A Journal of the Plague Year 2020: The use of the Imagination


by Sanjay Perera

Why do most people still believe governments and the media? It has disseminated widely that fiction writers had mentioned a virus spreading from Wuhan thanks to its viral laboratory. How many took that seriously over the years (especially since it was mentioned in novels)? There were governments that were aware late last year that there was something dangerous spreading in China. Yet there was hardly mention of it in the lamestream media (which has gone bug-eyed reporting deaths and everything disastrous that has befallen the world courtesy of the virus since) when it mattered. There were no attempts to speak to any author early in the year on the uncannily accurate ‘speculations’ about said virus that has violated all national boundaries. Fiction writers are storytellers but the media spins narratives based on ‘facts’—and when they have a good news story it is not that kind of ‘story’.

Governments who were in the know (some politicians are clever fellows) kept quiet: they then were, it appears, bizarrely ill-prepared for what happened. Many all over were scrambling not only for face masks (the latest in fashion statements) but some state’s pondered in awe that supply chains of commodities could be disrupted (who would have thought of that other than those who do precisely that: imagining what could happen).

Famous words of hubris: “We’re better prepared now because of our experience with ‘Acme virus’ et al. some years ago, so not to worry”—and then the number of infections escalates. People even die. Why do we keep believing such statements? Yet it is easier to point to works of fiction and say: come on, you believe that? And then it happens. And then the response is: but it is only a coincidence (or that it is not completely accurate for the novel says 100% mortality but it’s not so; only some people die of it). Better to tune in to the media instead (also a form of addiction).

Is it a surprise that there are a minority of enormously wealthy entrepreneurs who are contemplating not only space travel but leaving the planet for good? Chances of spending the rest of one’s life on a space voyage to wherever without ever landing are high but what is it that they know that the fake news media and many governments are not telling us? (Rather, what is it they know that many governments and the media do not know and would not be able to comprehend, anyway). Why take a risk with that kind of extraterrestrial adventure? Perhaps it is a goal-directed risk as opposed to staying here and listening to lies broadcasted at you for the rest of your unnatural life.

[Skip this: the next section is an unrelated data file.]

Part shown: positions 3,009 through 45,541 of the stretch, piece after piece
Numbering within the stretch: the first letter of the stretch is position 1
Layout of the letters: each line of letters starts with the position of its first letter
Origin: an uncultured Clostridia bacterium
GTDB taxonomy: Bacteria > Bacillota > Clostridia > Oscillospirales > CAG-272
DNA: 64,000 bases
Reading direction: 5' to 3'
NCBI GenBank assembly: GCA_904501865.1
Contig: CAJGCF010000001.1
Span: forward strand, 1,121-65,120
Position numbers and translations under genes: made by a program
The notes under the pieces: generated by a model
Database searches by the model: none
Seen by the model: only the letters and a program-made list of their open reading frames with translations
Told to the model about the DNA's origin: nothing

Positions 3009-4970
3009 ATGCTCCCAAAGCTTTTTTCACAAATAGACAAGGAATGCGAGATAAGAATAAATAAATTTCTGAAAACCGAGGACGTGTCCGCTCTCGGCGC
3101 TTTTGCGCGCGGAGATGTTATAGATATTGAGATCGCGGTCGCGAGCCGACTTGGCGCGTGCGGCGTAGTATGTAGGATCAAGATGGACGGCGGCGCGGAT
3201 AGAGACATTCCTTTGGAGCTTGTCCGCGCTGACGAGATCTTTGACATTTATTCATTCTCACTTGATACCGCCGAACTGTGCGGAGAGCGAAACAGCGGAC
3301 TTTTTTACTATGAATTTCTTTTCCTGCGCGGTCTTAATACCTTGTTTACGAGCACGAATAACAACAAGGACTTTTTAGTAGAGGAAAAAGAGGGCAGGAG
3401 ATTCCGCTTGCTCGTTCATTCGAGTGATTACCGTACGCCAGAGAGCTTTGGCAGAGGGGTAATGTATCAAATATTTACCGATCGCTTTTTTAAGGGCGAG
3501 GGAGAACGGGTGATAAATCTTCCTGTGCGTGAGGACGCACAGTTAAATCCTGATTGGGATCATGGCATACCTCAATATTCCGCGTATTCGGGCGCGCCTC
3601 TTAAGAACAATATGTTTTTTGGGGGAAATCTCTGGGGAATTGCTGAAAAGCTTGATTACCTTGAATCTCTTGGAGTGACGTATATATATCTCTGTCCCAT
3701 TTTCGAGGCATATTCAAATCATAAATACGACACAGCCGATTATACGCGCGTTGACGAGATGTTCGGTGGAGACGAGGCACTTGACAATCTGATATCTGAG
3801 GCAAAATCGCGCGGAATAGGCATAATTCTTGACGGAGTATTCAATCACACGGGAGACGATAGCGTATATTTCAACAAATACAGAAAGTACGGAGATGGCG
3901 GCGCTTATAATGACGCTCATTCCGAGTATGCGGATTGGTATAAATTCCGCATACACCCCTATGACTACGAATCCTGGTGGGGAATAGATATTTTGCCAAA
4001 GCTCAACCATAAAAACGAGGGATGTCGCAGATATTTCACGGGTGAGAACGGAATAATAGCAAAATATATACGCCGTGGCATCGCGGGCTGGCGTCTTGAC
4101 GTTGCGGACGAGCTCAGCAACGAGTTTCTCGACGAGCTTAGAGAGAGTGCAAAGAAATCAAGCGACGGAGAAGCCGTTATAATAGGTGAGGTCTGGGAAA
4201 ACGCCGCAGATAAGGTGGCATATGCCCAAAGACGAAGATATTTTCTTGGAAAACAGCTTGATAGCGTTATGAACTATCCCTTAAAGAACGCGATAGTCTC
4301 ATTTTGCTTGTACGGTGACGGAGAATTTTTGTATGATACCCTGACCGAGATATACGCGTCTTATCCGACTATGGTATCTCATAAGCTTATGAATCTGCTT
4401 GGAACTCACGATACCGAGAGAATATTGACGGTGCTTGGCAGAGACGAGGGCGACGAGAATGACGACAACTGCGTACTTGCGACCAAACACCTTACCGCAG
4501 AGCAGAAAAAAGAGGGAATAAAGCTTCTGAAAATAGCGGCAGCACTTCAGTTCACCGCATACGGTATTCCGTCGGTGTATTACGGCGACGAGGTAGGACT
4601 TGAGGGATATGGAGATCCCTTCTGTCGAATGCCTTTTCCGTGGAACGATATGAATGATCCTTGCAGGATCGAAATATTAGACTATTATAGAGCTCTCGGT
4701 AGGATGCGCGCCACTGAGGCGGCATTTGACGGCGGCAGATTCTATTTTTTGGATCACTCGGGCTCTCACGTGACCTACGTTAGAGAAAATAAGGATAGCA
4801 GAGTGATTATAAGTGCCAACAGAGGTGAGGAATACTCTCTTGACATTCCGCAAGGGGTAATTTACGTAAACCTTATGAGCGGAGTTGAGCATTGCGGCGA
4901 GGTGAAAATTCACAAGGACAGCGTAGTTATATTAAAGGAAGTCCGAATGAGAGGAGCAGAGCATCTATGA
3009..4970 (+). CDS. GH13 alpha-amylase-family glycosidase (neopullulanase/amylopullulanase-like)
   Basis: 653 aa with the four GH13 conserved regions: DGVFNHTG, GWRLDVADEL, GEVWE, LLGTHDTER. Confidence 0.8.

But all that has been explored already through fiction: none of this is new but the translation of the imagined into reality; and this conversion rate of the imaginary into actuality will accelerate. Count on it. If you can imagine that a virus could spread from a specific location you better believe that it is possible (and not be surprised when a viral outbreak actually occurs from said location). If countless works of fiction and non-fiction have discussed how governments and the media lie all the time: be less incredulous at not being told the truth about many things.

Does the media state that the more money that is printed or given out in the form of bailouts etc., the faster the value of the currency devalues? The reason for that is though the truth about the financial system is hidden in plain sight, it is not discussed openly nor taught in schools which have education systems that increasingly fail students in preparing them for the realities of living in this world. Surprisingly, fiction does prepare you for the realities. You have been prepared for it by those who have used their imagination and their own research; by those who utilise the media as that touchstone for what is false (i.e., if you imagine the opposite of what is broadcasted at you, you will be closer to what actually is or possibilities that will eventuate).

The corollary: where is the financial education and literacy that each generation needs? A genuine and proper understanding of the economic system that is in place is never provided in educational institutions (mainstream economics is an obfuscation of economic reality).

For those who have enforced time on their hands due to the viral crisis: take the effort to build your financial literacy; start with finding out about the failure of economics (in particular neoclassical economics), and the hollowness of the financial system that can be exploited if you know how (and thereby avoid becoming a victim of it); the financial system is not there for altruistic reasons. Be strict with how you spend your time: waste as little time as humanly possible with mainstream fakers and propagandists, and educate yourself in financial literacy and with as wide a reading of fiction as you can manage; doing so will not only spur some into much needed entrepreneurship but remove those blinkers that have been kept over the eyes by the education system. Be well.

[Featured picture: pixabay; above picture: Michael Wolgemut.]


The writer is the founding editor of Philosophers for Change.

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